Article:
Driving, Pisa and the Med

Breakfast Florence

Today’s synopsis is brought to you by Sarah who, in a moment of extreme frustration today said “Some days you make all the right decisions and everything is good and you have a great day, and then there are those other days…”

Today started as one of the other days when our apartment internet connection was painfully molasses-y while I was trying to upload 1000 pictures to finish the post from yesterday. It took forever this morning. I can’t even talk about it. It didn’t put us behind but spending a couple hours glaring at my computer with gritted teeth and saying “U P L O A D!” wasn’t the best start to the morning.

I have to give props to Sarah and all my friends and family who travel with me and have the utmost patience to sit with their hands in their laps while I photograph all their food and wait patiently (and quietly) while I blog and write every day. You’re the best and I love you all.

I finally finished and we packed, left the house, had the breakfast above, which was great and also had a view of the Arno river, and then the sun came out! And so did all the tourists!

Florence from the ponte vecchio

We walked over the Ponte Vecchio for the last time (lovely), tried to take a picture with no people in it (unlovely)  and then tried to find a taxi to take us to the airport to get our rental car.

Things we didn’t know: you can’t hail cabs in Florence like you can everywhere else in the world. Instead you need to go to a taxi stand and act like you don’t care and you don’t need a taxi and then one shows up. Indifference, apathy and the correct location are the only things that get you cabs in Florence. We didn’t have any of those things because it took us a long time to figure that out, multiple cabs passed us by and we really really wanted to get out of Florence.

A couple strangers finally took pity on us and explained the system and we finally got a cab that took us to the airport only to discover that the airport rental cars aren’t at the actual airport, they’re accessible only by shuttle bus. So again with the indifference, apathy and finding the correct location for the rental car shuttle bus. Finally we got our car, finally Sarah figured out the clutch, a rather harrowing business, after which she said “You know what I need now? Chocolate.”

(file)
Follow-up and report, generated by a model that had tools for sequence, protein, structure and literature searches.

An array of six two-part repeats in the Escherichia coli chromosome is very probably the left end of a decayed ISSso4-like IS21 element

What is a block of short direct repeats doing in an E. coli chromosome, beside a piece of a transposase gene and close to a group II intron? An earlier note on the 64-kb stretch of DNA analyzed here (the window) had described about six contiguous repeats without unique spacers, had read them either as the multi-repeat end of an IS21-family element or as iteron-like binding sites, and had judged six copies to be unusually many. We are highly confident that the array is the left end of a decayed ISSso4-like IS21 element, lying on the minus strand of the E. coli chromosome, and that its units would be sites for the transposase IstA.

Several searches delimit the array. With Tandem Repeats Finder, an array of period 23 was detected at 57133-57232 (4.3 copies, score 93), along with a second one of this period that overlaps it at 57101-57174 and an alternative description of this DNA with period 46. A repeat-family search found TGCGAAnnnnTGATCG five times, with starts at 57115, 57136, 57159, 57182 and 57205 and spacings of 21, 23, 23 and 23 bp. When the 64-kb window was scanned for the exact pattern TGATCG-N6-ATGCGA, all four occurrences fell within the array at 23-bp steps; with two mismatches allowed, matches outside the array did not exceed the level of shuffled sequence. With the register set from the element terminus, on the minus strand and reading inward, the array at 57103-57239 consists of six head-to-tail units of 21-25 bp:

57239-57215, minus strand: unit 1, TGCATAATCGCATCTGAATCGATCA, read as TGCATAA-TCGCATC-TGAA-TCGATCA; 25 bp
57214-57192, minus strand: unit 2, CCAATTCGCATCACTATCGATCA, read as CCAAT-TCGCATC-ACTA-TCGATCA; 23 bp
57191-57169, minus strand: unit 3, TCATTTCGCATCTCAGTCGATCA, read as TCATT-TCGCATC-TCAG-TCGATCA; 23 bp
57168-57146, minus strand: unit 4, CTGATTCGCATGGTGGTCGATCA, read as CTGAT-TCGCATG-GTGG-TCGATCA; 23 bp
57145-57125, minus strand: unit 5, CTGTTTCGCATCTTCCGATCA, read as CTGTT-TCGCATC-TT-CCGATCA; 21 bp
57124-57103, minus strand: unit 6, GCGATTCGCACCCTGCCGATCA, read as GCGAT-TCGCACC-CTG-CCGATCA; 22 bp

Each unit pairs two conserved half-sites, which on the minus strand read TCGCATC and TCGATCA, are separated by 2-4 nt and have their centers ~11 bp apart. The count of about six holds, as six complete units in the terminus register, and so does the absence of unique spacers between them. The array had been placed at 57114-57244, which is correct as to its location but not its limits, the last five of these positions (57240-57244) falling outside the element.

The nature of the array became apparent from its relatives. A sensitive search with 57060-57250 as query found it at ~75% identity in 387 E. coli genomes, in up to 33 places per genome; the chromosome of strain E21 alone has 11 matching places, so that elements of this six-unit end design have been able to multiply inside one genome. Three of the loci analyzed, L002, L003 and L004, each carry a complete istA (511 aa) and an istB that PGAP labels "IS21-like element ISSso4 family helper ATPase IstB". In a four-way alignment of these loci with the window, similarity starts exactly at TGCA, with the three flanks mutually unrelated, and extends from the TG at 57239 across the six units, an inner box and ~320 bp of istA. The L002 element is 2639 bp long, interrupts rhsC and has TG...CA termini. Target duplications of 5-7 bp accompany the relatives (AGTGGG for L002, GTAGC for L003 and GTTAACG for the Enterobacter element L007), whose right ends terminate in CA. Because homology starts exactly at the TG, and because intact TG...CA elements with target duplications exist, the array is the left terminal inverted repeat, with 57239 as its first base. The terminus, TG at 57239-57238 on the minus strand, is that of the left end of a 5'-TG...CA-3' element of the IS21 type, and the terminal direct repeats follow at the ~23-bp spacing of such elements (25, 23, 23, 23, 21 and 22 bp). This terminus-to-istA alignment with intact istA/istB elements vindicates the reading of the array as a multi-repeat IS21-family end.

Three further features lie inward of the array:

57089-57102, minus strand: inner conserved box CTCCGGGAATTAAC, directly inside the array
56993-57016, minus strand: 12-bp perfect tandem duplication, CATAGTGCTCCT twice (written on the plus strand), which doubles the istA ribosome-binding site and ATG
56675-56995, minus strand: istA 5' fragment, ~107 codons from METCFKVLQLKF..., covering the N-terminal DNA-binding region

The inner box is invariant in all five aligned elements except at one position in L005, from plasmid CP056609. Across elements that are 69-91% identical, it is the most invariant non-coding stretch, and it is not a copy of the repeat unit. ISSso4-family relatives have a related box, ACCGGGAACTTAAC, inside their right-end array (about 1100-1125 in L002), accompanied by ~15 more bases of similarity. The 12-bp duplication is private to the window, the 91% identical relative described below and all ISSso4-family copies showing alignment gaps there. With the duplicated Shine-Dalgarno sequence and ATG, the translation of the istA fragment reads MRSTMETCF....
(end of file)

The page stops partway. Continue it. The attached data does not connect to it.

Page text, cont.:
One piece of chocolate later we lurched our way out of the airport parking lot, started out going the correct direction and then it started raining and then we got lost, at which point I remembered a conversation we’d had the night before about whether or not to get a GPS for the car and Sarah said “How much is it? 27 Euros? No! Let’s just get extra glasses of wine instead.”

Perhaps we’d have been less lost if we’d had the glasses of wine before we got in the car. I’m sure we would’ve cared less. As it was, my lap looked like this:

maps of Tuscany

And none of those maps included all the cities we drove through. The next two hours of our lives were small skinny two way highways

Driving through Italy

Leading into one roundabout after another with multiple signs listing cities I’d frantically try to find on the map while Sarah circled the roundabout, I’d find none, we’d make a guess as to our exit, repeat repeat repeat.

We finally gave up on the scenic route and took the “expressway,” a slightly less skinny highway system and then also stopped for lunch when we realized that low blood sugar wasn’t helping.

So, this pizza from a road side stand called al Molinacci in Uzzano was awesome.

Sarah pizza

Can we talk about that wood fired  crust?

Al Molinaccio pizza

We certainly can. And it cost 1 euro! Our whole lunch including beer and a package of nutella cookies (we needed them) cost us 7 euros. And then the tide changed.

The sun came out, Cyndi Lauper came on our radio singing “Girls Just Wanna Have Fun” and we got to Pisa in record time with blue skies and good parking.